Mike Cuddy's scar stretches from under his left arm to the middle of his back. And even when he is fully healed, the 20-year-old's lung capacity will be about 15 percent less than it once was.
But Cuddy, a junior at the University of Massachusetts at Lowell, downplays his sacrifice and his pivotal role in a recent operation that is now part of medical history.
Cuddy gave a portion of his lung to a cousin Oct. 8 in a surgery so rare it had only been performed 17 times before in Massachusetts.
``She's had to deal with so much,''he said. ``To give up one small thing is nothing compared to what she's been through.''
Kathleen Cuddy, 24, received part of Mike's lung and part of her father's in an eight-hour operation that created a new set of lungs for the petite North Reading native.
Ten years ago, Kathleen Cuddy's big sister, Jennifer, died waiting for a double lung transplant from a deceased donor. Cystic fibrosis, a genetic disease, had ravaged her lungs.
But a decade's worth of medical advances made it possible for Kathleen to get living lung donations from relatives. The procedure won't cure her cystic fibrosis, but will buy her precious years as scientists search fortreatments.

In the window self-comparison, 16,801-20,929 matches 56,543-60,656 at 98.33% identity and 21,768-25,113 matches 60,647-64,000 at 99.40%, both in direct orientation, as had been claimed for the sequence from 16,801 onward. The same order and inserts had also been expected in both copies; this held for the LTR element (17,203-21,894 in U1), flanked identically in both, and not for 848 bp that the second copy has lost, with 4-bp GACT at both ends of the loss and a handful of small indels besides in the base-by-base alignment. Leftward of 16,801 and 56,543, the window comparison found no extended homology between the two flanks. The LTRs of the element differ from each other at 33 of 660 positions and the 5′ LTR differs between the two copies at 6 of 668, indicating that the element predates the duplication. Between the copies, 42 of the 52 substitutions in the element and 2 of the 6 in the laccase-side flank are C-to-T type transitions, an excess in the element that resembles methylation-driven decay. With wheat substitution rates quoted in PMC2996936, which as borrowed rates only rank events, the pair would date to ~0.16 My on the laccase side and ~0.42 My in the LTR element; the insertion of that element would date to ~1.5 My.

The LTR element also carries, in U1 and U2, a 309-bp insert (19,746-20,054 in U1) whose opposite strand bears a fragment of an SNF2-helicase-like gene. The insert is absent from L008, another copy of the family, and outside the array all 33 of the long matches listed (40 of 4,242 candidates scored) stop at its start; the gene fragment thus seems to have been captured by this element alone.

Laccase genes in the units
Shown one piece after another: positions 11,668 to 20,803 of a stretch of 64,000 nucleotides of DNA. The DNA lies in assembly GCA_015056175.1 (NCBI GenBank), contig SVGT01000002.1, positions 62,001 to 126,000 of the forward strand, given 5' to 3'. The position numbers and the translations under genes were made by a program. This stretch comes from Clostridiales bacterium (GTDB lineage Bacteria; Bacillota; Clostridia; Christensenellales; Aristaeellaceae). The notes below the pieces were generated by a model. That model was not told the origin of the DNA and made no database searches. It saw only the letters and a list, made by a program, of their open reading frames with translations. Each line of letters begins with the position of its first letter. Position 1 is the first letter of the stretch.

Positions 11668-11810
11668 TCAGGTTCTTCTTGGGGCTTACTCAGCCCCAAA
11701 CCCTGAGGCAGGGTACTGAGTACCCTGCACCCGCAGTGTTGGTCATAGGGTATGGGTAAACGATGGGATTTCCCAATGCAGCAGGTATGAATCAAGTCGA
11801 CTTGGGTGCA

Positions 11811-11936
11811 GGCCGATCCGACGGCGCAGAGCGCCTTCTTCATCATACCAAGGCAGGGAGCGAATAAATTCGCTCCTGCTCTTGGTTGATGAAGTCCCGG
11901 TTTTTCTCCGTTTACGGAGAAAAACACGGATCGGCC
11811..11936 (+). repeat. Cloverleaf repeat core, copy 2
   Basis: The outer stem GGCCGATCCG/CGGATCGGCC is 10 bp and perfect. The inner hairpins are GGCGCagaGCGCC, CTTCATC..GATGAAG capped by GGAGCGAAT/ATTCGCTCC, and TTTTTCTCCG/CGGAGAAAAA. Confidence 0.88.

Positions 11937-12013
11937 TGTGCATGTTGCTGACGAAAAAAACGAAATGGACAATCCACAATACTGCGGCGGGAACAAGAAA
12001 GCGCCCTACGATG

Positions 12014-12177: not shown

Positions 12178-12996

``It's been a roller-coaster ride,'' said Kathleen's dad, John Cuddy. ``It's really our faith that carried us through.''
The 52-year-old says he feels a bit short of breath and will be out of work for a month recuperating. But he'd do it again in an instant.
``I want to be there when Kate wakes up and says, `I can really take a deep breath and it feels good to breathe,' '' he said.
Kate's lungs were so battered by disease she was hospitalized on a ventilator for nearly two months before surgery.
She is still sedated on a ventilator and faces weeks of rehabilitation in the hospital before she heads home.
``All of these patients are amazing, but she's making good progress,'' said Dr. John Wain, Kate's surgeon at Massachusetts General Hospital.
Wain has done nearly all of the state's living lung transplants, averaging less than two a year since the procedure started in Massachusetts in 1995.
He said one of the reasons the operation is so rare is the ethical dilemma of removing lung lobes from two healthy donors and placing them at risk from a surgery they wouldn't otherwise need.
Still, Wain said MGH is likely to double the number of such surgeries, averaging four or five in the next year.
``It's partly because there's the need, and partly because everyone is more comfortable with it,'' he said, ``not just the doctors and the nurses but patients and their families, too.''